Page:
How Very French!

Remember the terrorist wannabee that shot up the train in France, only to be beaten into unconsciousness by three Americans?

This news article reports that the crew of the train barricaded themselves in their staffroom when the shooting started, and refused to help as passengers banged on the door and begged for aid.

welcome to france we surrender

9 Responses to “How Very French!”

  1. knirirr says:

    Thanks for the link – I’d not heard this particular aspect of the story.

    From what I understand the French have a very poor reputation amongst Americans for poltroonery and lack of martial spirit. It’s much the same in the UK, although from my reading of French military history I get the impression that what they lack is good leadership and organisation rather than bravery or fighting skill.

    I’m not surprised that these bureaucrats hid. They probably had no weapons, no training, and a belief that if they laid a hand on a member of the public, no matter what the provocation, then their bosses would throw them to the wolves. That’s certainly how many people I know feel about their employers. Unfortunately, I suspect that the chilling effects of a risk-averse corporate/state culture affect far more than just the French.

  2. They weren’t bureaucrats; they were the crew of a passenger liner, doing things like serving drinks in the bar car and selling prepackaged sandwiches from a lunch counter.

    I can understand why they ran. But it’s still despicable, if true.

    • Sorry, “passenger train”, not “passenger liner”.

    • knirirr says:

      Whatever they’re called (probably “personnel de cabine” in France) it’s still the case that they’re not trained, equipped or motivated to fight terrorists. Of course, neither were most of the passengers, but even amongst those passengers who did rise to the occasion there were off-duty professionals.

      I would share your opinion that standing up to villains such as this is the right thing to do, though few are up for it. This article contains a comment I think relevant:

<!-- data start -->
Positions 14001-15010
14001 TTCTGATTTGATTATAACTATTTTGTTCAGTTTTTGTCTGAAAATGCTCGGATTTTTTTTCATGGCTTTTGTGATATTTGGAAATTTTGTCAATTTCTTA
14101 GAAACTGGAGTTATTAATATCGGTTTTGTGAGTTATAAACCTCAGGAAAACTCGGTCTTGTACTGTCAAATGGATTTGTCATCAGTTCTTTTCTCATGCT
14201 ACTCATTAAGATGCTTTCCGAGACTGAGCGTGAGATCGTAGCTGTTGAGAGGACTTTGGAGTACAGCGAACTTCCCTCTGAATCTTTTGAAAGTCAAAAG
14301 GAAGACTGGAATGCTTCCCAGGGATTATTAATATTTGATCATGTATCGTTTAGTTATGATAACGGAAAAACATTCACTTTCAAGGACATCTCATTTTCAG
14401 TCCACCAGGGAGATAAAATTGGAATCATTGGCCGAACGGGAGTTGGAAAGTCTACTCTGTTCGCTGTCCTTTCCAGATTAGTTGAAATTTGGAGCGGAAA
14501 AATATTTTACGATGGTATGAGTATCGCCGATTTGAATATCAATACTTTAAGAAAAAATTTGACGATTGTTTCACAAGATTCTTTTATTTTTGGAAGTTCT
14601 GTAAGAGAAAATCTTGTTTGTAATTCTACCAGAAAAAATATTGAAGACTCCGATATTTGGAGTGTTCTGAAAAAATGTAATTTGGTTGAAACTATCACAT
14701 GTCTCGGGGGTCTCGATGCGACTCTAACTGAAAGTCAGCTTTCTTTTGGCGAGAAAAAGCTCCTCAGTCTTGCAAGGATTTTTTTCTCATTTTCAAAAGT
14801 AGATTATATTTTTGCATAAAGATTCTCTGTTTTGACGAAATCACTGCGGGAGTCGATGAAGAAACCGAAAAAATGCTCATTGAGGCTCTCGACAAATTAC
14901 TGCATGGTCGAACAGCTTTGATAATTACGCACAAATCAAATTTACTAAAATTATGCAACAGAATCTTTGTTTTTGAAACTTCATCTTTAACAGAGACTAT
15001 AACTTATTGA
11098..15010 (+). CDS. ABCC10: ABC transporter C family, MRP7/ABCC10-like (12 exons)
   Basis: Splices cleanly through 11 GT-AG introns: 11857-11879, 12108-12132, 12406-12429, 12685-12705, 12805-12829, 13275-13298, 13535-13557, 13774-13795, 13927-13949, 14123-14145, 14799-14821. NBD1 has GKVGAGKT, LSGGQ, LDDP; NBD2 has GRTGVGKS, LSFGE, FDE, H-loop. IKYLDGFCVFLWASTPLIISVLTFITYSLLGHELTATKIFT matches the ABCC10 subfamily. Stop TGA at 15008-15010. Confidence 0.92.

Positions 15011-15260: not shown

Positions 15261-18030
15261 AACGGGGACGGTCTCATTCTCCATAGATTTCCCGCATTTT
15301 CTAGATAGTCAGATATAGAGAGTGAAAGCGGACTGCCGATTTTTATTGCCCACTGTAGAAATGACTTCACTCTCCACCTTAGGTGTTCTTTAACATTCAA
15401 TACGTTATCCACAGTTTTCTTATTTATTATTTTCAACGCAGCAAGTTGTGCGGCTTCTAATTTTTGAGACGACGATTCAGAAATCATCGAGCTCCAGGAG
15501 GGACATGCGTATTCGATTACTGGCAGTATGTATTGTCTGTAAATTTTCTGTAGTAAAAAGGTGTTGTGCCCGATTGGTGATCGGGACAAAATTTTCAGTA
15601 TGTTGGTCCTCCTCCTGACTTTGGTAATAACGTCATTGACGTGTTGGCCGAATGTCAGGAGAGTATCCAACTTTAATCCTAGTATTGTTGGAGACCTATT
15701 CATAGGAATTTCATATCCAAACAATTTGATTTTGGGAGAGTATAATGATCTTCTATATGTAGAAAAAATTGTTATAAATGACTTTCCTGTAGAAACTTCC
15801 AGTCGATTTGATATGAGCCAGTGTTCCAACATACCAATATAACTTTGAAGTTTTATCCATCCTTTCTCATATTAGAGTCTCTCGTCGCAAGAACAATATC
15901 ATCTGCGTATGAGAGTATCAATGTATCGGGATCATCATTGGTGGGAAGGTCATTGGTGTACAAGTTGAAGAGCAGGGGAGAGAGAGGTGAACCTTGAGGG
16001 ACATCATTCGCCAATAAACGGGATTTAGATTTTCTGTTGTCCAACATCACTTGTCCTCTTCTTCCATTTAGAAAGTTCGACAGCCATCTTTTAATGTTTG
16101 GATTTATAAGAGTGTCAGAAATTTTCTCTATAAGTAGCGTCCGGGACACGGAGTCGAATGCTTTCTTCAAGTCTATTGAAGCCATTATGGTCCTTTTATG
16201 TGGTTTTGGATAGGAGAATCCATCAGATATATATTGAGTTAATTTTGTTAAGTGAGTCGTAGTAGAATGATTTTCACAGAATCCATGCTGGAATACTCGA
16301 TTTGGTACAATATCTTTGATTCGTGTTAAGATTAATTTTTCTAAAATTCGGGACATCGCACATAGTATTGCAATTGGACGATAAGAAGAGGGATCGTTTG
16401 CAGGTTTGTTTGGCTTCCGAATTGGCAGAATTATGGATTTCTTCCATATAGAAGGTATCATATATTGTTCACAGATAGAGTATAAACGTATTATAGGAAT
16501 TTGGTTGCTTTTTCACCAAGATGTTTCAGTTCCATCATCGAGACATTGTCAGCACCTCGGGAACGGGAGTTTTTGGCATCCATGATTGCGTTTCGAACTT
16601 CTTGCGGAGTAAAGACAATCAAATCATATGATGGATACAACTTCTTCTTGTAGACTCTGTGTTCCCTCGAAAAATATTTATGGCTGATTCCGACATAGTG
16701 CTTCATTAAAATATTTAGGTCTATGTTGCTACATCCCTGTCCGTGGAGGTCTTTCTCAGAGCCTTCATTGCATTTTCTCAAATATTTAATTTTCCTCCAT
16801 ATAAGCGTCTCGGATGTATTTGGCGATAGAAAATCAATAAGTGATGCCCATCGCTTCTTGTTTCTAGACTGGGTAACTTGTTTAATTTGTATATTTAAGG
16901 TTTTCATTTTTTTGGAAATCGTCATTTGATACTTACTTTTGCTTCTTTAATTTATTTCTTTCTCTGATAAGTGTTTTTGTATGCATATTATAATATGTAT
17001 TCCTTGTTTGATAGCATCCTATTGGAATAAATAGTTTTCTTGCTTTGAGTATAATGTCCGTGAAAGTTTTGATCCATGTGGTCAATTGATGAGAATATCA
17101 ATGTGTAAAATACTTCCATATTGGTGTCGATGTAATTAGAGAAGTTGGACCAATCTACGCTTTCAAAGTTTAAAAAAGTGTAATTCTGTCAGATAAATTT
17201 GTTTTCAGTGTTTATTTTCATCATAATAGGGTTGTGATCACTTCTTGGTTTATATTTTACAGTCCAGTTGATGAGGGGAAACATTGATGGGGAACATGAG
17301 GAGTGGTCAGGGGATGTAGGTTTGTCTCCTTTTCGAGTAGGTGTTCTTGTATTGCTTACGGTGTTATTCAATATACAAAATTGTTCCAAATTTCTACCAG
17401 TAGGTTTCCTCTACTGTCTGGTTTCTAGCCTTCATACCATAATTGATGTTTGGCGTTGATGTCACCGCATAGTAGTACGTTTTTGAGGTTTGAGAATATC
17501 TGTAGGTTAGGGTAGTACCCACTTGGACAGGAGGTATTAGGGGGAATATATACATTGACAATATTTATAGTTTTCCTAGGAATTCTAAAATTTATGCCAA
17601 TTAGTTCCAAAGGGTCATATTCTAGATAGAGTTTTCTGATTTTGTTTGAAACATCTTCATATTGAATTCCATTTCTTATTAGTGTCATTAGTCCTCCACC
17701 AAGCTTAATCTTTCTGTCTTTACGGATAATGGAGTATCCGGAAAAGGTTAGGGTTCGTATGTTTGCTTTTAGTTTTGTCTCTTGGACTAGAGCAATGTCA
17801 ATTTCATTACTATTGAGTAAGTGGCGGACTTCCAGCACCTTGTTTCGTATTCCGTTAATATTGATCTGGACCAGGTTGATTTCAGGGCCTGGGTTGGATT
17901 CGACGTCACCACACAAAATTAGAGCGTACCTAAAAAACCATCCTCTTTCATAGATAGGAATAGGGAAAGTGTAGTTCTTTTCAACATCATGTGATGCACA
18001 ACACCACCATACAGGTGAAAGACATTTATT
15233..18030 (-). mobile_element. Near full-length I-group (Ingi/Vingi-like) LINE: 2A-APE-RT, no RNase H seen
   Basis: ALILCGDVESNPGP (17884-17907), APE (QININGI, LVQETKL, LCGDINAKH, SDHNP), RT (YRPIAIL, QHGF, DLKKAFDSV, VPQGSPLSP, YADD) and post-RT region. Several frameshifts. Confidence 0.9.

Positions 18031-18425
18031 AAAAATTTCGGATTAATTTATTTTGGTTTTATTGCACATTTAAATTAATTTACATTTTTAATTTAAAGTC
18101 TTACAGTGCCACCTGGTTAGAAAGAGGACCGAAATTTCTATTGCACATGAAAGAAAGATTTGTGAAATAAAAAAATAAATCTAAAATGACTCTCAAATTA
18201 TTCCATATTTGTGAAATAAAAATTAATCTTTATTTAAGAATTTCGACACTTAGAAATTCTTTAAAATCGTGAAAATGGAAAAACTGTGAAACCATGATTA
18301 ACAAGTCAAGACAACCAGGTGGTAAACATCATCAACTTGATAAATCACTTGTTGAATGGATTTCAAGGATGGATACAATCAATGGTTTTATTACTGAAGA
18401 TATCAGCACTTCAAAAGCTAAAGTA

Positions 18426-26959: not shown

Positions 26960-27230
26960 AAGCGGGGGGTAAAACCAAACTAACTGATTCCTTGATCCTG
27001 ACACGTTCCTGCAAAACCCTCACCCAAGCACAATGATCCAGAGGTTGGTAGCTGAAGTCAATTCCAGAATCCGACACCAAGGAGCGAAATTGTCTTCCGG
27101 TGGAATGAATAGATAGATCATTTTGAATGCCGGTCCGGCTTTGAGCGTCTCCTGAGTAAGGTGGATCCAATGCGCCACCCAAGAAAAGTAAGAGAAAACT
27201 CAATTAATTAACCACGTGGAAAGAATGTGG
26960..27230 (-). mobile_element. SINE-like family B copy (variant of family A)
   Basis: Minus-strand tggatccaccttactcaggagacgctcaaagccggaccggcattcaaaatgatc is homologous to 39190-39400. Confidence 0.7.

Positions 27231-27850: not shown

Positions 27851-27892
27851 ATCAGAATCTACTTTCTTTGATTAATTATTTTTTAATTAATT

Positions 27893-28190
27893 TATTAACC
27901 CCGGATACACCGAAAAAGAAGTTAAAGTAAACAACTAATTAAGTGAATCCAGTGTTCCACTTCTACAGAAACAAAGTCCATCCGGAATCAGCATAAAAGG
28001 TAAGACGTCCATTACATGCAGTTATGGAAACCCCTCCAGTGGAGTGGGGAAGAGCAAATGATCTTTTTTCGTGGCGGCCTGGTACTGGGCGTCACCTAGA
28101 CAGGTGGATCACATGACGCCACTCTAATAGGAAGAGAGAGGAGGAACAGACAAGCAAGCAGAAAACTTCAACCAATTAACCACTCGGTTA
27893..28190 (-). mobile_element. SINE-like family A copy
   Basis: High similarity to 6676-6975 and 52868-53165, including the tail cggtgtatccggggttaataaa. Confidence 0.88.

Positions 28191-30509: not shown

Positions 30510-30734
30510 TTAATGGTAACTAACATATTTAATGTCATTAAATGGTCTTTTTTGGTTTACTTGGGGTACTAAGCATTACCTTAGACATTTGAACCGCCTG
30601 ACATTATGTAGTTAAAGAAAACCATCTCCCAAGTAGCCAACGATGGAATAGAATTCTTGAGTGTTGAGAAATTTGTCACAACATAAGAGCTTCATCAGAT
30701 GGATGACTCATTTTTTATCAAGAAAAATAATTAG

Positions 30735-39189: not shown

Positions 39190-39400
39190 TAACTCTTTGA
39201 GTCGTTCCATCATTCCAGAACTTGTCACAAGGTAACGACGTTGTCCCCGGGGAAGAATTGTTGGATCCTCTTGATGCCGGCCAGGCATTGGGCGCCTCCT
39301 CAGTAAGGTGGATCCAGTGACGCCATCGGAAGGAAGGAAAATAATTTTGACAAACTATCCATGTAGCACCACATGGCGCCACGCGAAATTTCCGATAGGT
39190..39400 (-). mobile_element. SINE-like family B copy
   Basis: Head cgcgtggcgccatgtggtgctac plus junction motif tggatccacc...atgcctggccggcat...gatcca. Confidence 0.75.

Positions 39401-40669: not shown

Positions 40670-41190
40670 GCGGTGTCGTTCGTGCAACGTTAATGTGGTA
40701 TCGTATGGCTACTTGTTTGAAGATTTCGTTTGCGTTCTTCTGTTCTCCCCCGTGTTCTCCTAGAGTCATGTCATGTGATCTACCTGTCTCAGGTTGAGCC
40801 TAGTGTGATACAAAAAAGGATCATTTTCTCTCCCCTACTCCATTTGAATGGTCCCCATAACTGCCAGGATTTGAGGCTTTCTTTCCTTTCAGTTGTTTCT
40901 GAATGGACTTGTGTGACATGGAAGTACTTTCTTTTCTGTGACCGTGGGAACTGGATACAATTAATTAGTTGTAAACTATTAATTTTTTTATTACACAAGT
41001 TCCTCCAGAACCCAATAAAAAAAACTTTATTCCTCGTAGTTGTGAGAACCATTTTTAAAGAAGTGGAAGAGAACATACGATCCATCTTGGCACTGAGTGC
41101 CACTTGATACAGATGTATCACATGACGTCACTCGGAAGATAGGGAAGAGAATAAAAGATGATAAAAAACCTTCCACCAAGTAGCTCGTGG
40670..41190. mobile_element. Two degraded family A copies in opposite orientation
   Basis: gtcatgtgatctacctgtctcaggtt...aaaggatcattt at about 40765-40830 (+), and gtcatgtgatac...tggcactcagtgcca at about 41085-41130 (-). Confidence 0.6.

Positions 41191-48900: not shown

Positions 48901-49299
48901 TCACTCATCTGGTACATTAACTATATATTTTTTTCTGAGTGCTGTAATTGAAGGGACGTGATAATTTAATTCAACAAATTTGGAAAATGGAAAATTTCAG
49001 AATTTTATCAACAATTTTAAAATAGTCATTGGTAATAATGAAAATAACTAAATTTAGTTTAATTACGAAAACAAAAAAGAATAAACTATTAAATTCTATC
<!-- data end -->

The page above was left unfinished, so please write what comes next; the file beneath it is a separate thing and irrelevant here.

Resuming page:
Fascism introduced a form of state which was claustrophobic in its oppressiveness. The result was a population of decidedly unheroic mediocrities, sly conformists scared of their own shadows, worlds removed from the kind of dynamic human character the Fascists had hoped would inherit the Earth.

      Replace “fascism” with “nanny statism” (or whatever you think the appropriate term) and there we have it.

  3. Mike King says:

    They staff panicked when they couldn’t surrender, so they hid and waited for the Brits and Americans to settle his hash. Contrast that with unarmed American school teachers running towards gunmen to protect their students.

  4. Fruitbat44 says:

    Always unfortunate when people live down to their national stereotypes. 🙁

    Well done to the three Americans and one Brit who did tackle the gunman!

    At least the French government showed a touch of class in immediately decorating those guys for bravery. Hero is term which is sadly over used these days, but to those men it is entirely apt.

    One point though, some reports say the gunman’s rifle jammed after one shot. AK-47? Obviously not as 100% reliable as some would have us believe. Thankfully.

  5. Ritchie says:

    *knock*knock*knock “It’s safe to come out now, the Americans are here. Again. Oh, and we brought a Brit, too.”

  6. Lucky Pierre says:

    This shooter couldn’t be all bad. If he was even a semipro and was just lukewarm about inflicting harm and knew how to work his AK47, we might have had a different outcome.

  7. Fred Simons says:

    It’s only fair to acknowledge the first passenger to confront the gunman – when he saw the wannabe terrorist unpacking his rifle, he immediately tackled him and tried to wrestle the weapon away. In this, he was unsuccessful, and was shot and badly injured as well. However, he did seriously disrupt the gunman’s plans, and his actions alerted the other passengers to the danger (he also, like the four others, was awarded the Legion of Honor).
    He was French.

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